Race to play near Daytona Beach

It's certainly a stirring debate about which is the better course at Hammock Beach Resort. Six holes of Jack Nicklaus golf along the breezy coast highlight the Ocean Course, including the murderous four-hole closing stretch called the "Bear Claw."

The Conservatory Course by Tom Watson is every bit as good. At 7,776 yards, the Conservatory might be the longest courses in Florida. Ponds, wetlands and native scrub trees and brush converge upon a serene environment filled with tricky greens, ominous bunkers and treacherous up-and-downs. Ryan Palmer won the PGA Tour's Ginn sur Mer Classic there in 2008.

LPGA International, located at PGA Tour headquarters in Daytona Beach, counters with Arthur Hills' Legends Course and Rees Jones' Champions Course. Both are relatively Florida flat, accented by mounding. The Champions Course plays slightly longer, although the Legends Course remains tougher. Narrower corridors, smaller greens and wetlands as cross-hazards make it so.

The 7,072-yard Venetian Bay started out as a private club but opened up completely public this year. Thank the wide fairways for forgiveness off the tee. Sins on approach shots to large, well bunkered greens are not treated so kindly.

Blast off down the Space Coast

Lesser known -- but equally fun -- venues stack up farther south of Daytona Beach along Interstate 95 heading into Florida's Space Coast, named for its proximity to the Kennedy Space Center, site of all those shuttle launches.

Walkabout Golf Club, a 2003 Perry Dye design in Mims, features a 19th green shaped like Australia, a tribute to the consulting designer, former LPGA player and Aussie Jan Stephenson.

Mike Herrero and his wife, Gina, who live in Westchester County, N.Y., visit their second home in Melbourne every winter. They claim a trio of favorites: The impeccable Duran Golf Club in Viera, Habitat Golf Course in Malabar and Harmony Golf Preserve, a Johnny Miller beauty managed by Troon Golf located in Harmony.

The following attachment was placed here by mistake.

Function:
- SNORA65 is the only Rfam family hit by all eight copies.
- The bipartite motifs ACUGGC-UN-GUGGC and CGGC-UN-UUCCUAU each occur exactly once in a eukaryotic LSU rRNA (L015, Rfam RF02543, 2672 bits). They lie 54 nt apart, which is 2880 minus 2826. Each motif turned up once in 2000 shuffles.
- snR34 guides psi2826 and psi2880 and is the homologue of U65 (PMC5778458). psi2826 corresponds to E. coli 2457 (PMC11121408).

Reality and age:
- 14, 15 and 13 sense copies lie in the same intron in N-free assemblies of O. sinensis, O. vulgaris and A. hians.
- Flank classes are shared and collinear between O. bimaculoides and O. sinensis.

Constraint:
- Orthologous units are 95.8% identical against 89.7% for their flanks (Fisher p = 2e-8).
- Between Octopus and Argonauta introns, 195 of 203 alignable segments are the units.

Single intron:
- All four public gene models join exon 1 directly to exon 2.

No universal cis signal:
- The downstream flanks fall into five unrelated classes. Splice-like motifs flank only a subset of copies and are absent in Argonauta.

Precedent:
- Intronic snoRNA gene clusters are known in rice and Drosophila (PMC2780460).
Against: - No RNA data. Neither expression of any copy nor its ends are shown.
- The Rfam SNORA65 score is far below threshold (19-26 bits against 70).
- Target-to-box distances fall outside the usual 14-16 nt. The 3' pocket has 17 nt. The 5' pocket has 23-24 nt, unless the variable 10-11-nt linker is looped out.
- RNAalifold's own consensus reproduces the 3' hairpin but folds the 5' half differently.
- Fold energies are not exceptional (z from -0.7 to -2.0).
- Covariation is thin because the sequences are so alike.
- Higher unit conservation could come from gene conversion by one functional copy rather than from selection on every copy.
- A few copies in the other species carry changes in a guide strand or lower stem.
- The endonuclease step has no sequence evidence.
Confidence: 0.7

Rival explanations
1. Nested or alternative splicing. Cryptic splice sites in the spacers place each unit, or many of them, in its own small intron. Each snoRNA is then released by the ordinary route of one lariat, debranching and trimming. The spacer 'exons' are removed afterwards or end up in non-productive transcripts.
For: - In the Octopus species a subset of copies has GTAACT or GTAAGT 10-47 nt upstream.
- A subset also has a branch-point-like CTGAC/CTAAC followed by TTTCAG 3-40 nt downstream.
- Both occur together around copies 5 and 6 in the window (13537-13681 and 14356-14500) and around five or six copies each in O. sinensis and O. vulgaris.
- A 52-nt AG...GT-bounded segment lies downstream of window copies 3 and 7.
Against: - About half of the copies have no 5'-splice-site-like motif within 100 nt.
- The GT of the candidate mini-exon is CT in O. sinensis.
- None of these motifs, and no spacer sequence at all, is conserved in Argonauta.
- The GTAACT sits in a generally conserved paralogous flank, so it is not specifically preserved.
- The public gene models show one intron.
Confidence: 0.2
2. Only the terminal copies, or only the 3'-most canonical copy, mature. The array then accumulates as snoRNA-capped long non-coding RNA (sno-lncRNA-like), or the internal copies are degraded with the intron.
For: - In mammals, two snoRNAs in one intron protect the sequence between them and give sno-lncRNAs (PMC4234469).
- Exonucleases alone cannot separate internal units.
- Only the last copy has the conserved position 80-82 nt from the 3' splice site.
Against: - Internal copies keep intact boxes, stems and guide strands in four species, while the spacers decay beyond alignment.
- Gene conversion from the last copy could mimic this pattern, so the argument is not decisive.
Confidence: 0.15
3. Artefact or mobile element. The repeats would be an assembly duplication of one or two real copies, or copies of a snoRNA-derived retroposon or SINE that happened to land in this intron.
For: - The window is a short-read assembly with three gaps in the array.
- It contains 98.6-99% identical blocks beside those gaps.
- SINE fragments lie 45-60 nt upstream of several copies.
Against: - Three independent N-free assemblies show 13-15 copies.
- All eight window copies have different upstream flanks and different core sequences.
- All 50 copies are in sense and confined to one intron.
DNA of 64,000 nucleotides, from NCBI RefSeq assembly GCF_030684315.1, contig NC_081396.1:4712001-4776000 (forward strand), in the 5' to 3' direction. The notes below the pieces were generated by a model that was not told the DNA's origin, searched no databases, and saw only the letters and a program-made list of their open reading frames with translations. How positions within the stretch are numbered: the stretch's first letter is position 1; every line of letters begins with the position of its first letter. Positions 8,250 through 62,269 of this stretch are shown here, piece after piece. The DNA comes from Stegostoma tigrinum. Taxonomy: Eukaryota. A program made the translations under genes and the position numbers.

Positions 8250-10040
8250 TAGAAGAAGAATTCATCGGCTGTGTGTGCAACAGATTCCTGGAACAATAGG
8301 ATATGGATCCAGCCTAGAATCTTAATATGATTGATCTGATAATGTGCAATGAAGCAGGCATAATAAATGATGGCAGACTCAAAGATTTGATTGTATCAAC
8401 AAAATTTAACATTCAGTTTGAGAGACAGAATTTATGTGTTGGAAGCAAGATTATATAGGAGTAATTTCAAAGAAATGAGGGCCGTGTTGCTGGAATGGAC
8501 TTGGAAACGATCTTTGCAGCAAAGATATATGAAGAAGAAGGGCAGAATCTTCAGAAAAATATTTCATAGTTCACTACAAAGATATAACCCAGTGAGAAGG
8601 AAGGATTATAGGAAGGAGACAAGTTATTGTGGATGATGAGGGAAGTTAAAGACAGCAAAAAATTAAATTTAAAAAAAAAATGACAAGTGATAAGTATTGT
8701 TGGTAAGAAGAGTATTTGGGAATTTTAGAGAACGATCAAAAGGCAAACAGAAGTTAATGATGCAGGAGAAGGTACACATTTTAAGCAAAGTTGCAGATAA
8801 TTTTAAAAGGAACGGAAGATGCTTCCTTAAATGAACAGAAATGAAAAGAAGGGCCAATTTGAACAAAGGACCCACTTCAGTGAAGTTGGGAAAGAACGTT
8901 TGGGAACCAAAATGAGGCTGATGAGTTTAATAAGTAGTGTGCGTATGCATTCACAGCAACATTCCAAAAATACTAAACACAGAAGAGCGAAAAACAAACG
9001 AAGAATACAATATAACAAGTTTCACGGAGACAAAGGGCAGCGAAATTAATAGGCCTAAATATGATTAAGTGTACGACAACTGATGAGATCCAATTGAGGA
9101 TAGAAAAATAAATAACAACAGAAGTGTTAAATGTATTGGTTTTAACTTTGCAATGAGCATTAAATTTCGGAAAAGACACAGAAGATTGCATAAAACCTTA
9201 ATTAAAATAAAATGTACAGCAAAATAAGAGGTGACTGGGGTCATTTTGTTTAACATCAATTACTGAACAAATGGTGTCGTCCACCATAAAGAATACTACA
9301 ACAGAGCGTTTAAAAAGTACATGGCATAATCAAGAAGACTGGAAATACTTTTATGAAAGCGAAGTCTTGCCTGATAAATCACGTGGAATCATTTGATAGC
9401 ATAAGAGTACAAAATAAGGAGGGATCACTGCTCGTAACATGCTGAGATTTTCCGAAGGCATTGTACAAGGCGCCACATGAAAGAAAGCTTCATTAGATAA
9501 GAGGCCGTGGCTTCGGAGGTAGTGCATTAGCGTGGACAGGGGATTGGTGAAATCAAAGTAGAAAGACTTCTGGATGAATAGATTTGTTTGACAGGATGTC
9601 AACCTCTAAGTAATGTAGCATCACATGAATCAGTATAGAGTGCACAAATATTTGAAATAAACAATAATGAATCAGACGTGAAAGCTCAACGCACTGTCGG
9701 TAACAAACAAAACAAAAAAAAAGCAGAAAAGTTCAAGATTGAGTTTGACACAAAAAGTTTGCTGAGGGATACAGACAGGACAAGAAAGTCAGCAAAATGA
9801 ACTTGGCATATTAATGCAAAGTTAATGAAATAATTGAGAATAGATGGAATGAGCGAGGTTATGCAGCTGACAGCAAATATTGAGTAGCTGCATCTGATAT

A recent round added the Viera East Golf Club in Viera to their top tier. The 6,669-yard course by Joe Lee opened in 1994. Water creeps into or crosses a couple fairways. Elusive pars come courtesy of the coastal breezes and elevated greens.

The Majors Golf Club, an Arnold Palmer course in Palm Bay, remains an option, too.

Herrero said the only thing holding back Daytona Beach and the Space Coast from being a more popular golf destination is life away from the game.

"I don't think it's a problem with the courses," he said. "It's about the areas where you stay. If my wife doesn't play golf, what can she do [for entertainment]? If you go [farther] south, all the [best] courses are private. There are a lot of great courses [here]. I don't mind it because we have a house here, but there is no draw. The only draw is you're close to Orlando."

Then he quickly alluded to the golfer's creed: If there are enough decent places to play, we'll tee it up anywhere.

"Golfers just want to play golf," he said. "We like to play courses with nobody on them."

Jason Scott DeeganJason Scott Deegan, Senior Staff Writer

Jason Scott Deegan has reviewed more than 700 courses and golf destinations for some of the industry's biggest publications. His work has been honored by the Golf Writer's Association of America and the Michigan Press Association. Follow him on Twitter at @WorldGolfer.